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updated: 8/28/2012 7:05 AM

Markets stall as traders await US Fed chief speech

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  • A electronic stock price board shows the 7.45 percent nosedive of Samsung Electronics Co. share price, at a bank in Seoul, South Korea, Monday,

      A electronic stock price board shows the 7.45 percent nosedive of Samsung Electronics Co. share price, at a bank in Seoul, South Korea, Monday,
    Associated Press

 
Associated Press

PARIS -- Stock markets retreated Tuesday due to global worries about the impact of the eurozone debt crisis and as investors awaited a key speech by the U.S. central bank chief.

Investors are looking for confirmation that central banks in the U.S. and China will provide more economic stimulus and that the European Central Bank will intervene in bond markets to lower some countries' high borrowing costs.

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Federal Reserve Chairman Ben Bernanke will hold an important speech later this week that investors will watch carefully for clues about the central bank's intentions to try to speed up the U.S. economic recovery.

Meanwhile, the ECB plan remains subject to debate ahead of the bank's monthly meeting on Sept. 6, when it is expected to announce more details. Germany's central bank is still opposed to the plan to buy government bonds.

Until the central banks clarify their positions, investors are likely to remain cautious, analysts say.

By midday in Europe, stocks were trading down across the board. Britain's FTSE 100 lost 0.1 percent to 5,771.24. Germany's DAX fell 0.4 percent to 7,024. France's CAC-40 lost 0.4 percent to 3,451.

Wall Street appeared headed for a weak open, with Dow Jones industrial futures rising only slightly to 13,110. Standard and Poor's 500 futures rose less than 0.1 percent to 1,409.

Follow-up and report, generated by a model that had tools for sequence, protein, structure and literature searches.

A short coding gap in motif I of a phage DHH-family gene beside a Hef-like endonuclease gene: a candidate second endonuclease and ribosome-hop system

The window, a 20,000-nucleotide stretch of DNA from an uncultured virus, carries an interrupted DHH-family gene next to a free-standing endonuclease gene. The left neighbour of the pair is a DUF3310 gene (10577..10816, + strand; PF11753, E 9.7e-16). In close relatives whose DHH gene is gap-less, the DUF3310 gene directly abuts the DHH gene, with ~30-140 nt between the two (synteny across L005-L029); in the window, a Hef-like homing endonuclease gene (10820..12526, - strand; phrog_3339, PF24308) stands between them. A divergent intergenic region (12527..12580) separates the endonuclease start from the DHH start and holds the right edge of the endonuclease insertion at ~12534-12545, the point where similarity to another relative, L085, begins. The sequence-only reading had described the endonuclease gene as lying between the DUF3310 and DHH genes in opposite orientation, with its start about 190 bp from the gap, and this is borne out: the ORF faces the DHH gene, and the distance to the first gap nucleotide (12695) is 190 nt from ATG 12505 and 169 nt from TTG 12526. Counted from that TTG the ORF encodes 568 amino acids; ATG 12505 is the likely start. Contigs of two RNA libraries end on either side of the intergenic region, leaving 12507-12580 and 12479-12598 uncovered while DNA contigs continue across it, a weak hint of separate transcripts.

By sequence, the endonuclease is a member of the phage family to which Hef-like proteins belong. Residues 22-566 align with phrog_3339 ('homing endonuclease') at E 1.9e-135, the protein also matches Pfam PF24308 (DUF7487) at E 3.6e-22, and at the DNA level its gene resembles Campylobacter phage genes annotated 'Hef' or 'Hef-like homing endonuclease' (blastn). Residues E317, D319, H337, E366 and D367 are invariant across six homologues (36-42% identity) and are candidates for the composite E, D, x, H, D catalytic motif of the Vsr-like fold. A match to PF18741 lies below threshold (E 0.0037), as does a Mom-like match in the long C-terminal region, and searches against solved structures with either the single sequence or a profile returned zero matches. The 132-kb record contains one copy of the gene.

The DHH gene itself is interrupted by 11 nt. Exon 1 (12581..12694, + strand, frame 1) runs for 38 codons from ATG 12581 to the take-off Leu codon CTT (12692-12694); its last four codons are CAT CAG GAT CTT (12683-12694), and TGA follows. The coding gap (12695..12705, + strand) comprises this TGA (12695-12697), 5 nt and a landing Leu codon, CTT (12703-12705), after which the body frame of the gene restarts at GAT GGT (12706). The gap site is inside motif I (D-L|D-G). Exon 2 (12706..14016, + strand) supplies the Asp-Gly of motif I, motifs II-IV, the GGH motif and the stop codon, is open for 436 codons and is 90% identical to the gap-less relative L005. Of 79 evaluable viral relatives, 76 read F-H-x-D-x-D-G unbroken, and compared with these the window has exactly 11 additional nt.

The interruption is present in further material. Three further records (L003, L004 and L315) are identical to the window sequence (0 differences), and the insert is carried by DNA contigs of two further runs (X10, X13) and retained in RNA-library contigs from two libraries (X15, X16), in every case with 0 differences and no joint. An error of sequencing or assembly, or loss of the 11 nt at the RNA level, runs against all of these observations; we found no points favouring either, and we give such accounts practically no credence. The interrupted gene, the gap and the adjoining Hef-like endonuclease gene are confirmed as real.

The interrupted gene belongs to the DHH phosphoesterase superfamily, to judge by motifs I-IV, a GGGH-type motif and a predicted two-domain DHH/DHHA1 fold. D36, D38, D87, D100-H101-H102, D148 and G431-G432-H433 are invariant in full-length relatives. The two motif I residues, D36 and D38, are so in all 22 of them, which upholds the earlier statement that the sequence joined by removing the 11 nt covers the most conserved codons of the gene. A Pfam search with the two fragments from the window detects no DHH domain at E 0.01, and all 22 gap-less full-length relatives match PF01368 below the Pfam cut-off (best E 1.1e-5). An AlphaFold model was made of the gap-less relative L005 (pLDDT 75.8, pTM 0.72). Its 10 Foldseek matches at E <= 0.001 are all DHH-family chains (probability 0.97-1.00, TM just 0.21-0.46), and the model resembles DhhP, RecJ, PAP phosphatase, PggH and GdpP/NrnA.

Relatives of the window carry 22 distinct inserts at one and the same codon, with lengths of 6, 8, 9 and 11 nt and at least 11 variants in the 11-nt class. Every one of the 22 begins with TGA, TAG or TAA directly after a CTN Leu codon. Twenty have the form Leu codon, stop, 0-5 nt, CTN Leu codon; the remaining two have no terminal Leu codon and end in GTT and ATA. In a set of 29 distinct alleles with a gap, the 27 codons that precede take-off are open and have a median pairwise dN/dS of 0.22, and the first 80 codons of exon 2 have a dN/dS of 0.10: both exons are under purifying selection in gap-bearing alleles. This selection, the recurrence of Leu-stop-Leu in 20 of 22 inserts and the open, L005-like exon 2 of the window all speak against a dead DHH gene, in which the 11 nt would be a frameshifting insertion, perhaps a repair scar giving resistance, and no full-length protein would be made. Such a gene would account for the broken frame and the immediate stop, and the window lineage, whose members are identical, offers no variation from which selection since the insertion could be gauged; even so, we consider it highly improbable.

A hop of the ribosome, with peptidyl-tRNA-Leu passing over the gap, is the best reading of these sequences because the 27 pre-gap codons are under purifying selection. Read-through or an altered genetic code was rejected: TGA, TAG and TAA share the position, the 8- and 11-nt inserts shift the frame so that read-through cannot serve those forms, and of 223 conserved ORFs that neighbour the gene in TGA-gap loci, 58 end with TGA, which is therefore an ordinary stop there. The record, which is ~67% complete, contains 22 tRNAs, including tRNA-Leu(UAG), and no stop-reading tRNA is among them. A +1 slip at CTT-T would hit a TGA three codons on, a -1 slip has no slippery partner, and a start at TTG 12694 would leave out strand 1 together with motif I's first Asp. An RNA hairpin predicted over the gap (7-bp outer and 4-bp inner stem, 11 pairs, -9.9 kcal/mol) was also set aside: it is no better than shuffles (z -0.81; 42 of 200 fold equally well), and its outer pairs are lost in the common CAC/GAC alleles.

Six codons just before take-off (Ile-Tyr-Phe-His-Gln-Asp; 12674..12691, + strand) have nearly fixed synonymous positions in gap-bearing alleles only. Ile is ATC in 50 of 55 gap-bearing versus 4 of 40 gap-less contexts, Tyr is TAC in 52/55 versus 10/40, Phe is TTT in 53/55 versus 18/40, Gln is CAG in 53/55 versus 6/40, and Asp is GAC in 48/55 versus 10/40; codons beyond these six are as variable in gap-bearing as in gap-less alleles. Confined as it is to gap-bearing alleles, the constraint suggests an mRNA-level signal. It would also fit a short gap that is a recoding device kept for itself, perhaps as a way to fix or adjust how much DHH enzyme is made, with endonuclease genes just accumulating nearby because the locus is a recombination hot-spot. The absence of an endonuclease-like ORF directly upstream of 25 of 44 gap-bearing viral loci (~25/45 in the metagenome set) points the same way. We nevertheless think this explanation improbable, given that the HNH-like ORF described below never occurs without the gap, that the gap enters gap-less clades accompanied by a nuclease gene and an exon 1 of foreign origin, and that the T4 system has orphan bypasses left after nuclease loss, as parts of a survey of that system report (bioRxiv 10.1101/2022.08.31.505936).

Spain saw some good news from a bond auction in which it sold (euro) 4 billion ($5 billion) in short-term debt at much lower interest rates, reflecting easing concern that the country will need a full-blown bailout. A downgrade of economic growth over the past two years, however, underscored the country's huge economic problems.

In neighboring Portugal, foreign inspectors arrived for meetings with local officials to assess the country's compliance with terms of its bailout agreement.

Bailout lenders may have to grant Portugal more time to meet its deficit goal -- something they are already hesitant to grant to Greece, which is also missing its debt reduction targets. The inspectors may therefore demand more austerity, which could drive the weak Portuguese economy deeper into trouble.

In Germany, consumer confidence also provided some relief. The GfK research institute said consumer confidence in Europe's largest economy was stable despite the ever-increasing worries that Germany will suffer from the debt crisis weighing on many other European countries.

Earlier in Asia, the Tokyo Stock Exchange's benchmark Nikkei lost 0.6 percent to close at 9,003.29. South Korea's Kospi index was down nearly 0.1 percent to 1,916.33, while the Hang Seng index inched up marginally to 19,811.80. Key indexes dipped in Singapore, Indonesia and Taiwan, while rising in New Zealand, mainland China and Australia.

Also weighing on sentiment was a monthly Japanese government report on the economy, released Tuesday, whose language on the main assessment was changed -- to a more pessimistic one, for the first time in 10 months -- to highlight concerns about weaknesses, stemming from dwindling exports.

Concerns about a slowdown in China, the major driver of growth in recent years, were behind the change, Japan's Cabinet Office said.

In other markets, the benchmark oil contract for October delivery rose 74 cents to $96.21 per barrel in electronic trading on the New York Mercantile Exchange. The contract fell 68 cents to end the day at $95.47 in New York on Monday.

In currencies, the euro rose to $1.2551, up from $1.2503 late Monday in New York. The dollar fell to 78.56 yen from 78.75 yen.

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